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It’s a chilly winter day here in the Northeast… freezing, in fact, quite literally at 32-degrees.  Not exactly a good day for a backyard barbeque.

Ah, but wouldn’t those tangy, smoky flavors warm your insides on such a cold and dreary day?  How about a beer that can capture that in a bottle?  Stone Smoked Porter does just that.  It pours a dark rich opaque chocolate brown, and the roasted, smoky aroma gives a hint of the delicious taste to come.  The flavor is initially sweet and chocolatey followed by a flavorful but not too potent smokiness that reminds me of a cozy fireplace or campfire, and slight hints of alcohol warm the insides.  Some earthy notes of birch and sarsaparilla come through, while the finish is slightly charred, which perfectly complements and completes the smoked flavor.

For a simple meal, I paired this with some barbequed pulled pork from my local Whole Foods Market.  Pretty good in a pinch, though some real ribs or brisket from the smoker would be even better.  I also think this would be an excellent match for a char-grilled steak.

While readers in Tennessee, North Carolina and all across the South have plenty of great barbeque joints to choose from, those like me in Northern New Jersey have a harder time. Luckily, Front Street Smokehouse on the industrial Elizabeth waterfront serves up some excellent authentic Memphis-style barbeque.  We even had the chance to see the smoker in action.  While it’s initially heated with gas, a combination of charcoal and hardwood are used to smoke the ribs, pork and chicken slowly in the rotisserie.  The pulled pork is tender and moist, and the smoked chicken glazed with raspberry jalapeno sauce is probably the best chicken I’ve ever had in a BBQ joint.  Unfortunately, no smoked porter to be found here, and not many craft beers at the bar, but there’s excellent birch beer on tap, and the mouthwatering smoked meat and delicious sides (tasty collards, homemade stuffing and cornbread) are well worth the trip off the beaten path.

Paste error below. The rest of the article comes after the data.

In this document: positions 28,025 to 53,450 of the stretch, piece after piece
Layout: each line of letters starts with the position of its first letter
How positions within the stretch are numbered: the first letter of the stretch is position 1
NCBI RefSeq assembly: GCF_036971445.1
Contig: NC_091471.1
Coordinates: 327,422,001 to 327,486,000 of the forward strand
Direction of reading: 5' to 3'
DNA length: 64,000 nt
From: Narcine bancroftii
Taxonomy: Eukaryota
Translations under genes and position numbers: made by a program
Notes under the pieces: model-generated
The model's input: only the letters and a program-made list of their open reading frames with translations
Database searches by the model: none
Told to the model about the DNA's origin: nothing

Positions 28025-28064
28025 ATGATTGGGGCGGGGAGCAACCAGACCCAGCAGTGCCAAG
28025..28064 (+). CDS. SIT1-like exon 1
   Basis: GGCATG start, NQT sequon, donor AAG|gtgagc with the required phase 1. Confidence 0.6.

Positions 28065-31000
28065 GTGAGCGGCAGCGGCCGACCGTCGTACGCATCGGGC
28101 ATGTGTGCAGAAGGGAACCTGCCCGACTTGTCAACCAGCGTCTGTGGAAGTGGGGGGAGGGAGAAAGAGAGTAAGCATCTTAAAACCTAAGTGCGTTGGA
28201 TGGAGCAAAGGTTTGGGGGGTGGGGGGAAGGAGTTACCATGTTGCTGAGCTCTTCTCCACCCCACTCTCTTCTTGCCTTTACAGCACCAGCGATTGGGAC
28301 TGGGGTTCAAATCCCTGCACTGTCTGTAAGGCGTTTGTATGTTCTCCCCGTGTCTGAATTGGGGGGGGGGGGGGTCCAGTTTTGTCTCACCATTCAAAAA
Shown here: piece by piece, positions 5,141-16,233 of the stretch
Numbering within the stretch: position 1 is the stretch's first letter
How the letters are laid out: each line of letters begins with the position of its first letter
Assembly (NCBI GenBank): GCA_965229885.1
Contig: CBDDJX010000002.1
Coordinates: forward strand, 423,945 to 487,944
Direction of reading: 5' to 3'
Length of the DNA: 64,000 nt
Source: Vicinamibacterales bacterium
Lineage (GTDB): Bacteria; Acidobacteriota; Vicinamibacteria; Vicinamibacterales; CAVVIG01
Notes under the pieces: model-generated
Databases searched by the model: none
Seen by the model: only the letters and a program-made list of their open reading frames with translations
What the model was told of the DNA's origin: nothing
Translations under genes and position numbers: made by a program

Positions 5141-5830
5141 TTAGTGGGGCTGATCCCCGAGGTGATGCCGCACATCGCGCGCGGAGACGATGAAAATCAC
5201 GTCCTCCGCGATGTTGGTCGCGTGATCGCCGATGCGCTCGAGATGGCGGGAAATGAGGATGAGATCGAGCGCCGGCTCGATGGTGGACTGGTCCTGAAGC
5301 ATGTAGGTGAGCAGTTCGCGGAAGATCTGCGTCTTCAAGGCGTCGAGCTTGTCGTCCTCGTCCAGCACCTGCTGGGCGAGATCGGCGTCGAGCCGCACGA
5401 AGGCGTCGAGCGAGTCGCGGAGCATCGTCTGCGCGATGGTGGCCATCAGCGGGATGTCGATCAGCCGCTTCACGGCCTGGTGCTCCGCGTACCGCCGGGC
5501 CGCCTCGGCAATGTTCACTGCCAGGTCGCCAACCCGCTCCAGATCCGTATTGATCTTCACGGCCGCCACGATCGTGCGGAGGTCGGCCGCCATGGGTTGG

Definition: Smoked Porter

This unique hybrid style of beer was invented in 1988 by Alaskan Brewing Company when they approached a local producer of smoked salmon about smoking some malt over alder wood in their smokehouse. While the traditional smoked rauchbier has been brewed for centuries, it was an obscure and little-known style outside its native Germany. Today, thanks to Alaskan Brewing’s experiment, dozens of microbreweries around the U.S. have rediscovered the delicious unique flavor of smoked beers, producing their own renditions of smoked porter and other smoked ales and lagers.

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How does one get a free beer education? Well, you could simply drink a lot of beer, but you are paying for the beer itself so this method is not completely free, and who knows if you are really learning anything as you drink? You could also read my blog, and yes you may learn a little something, but I’m not providing beer for you to taste as you read. So you are now asking yourself, where I can I both learn about beer and actually taste some beer in the process? Here are three great ways:
Beer 101: Tour your local brewery

Touring your local brewery is a great way to learn about how beer is actually made. At a smaller brewery, your tour may be conducted by the brewer himself or herself, and they can provide amazing insights into how the raw ingredients (grain, hops, yeast and even the water itself) can shape the flavor of the beers they brew.

And once you know what goes into making the beer, you get to sample it! Samples (a couple of ounces, not full pints, mind you) are typically available for a few dollars or less, often even absolutely free.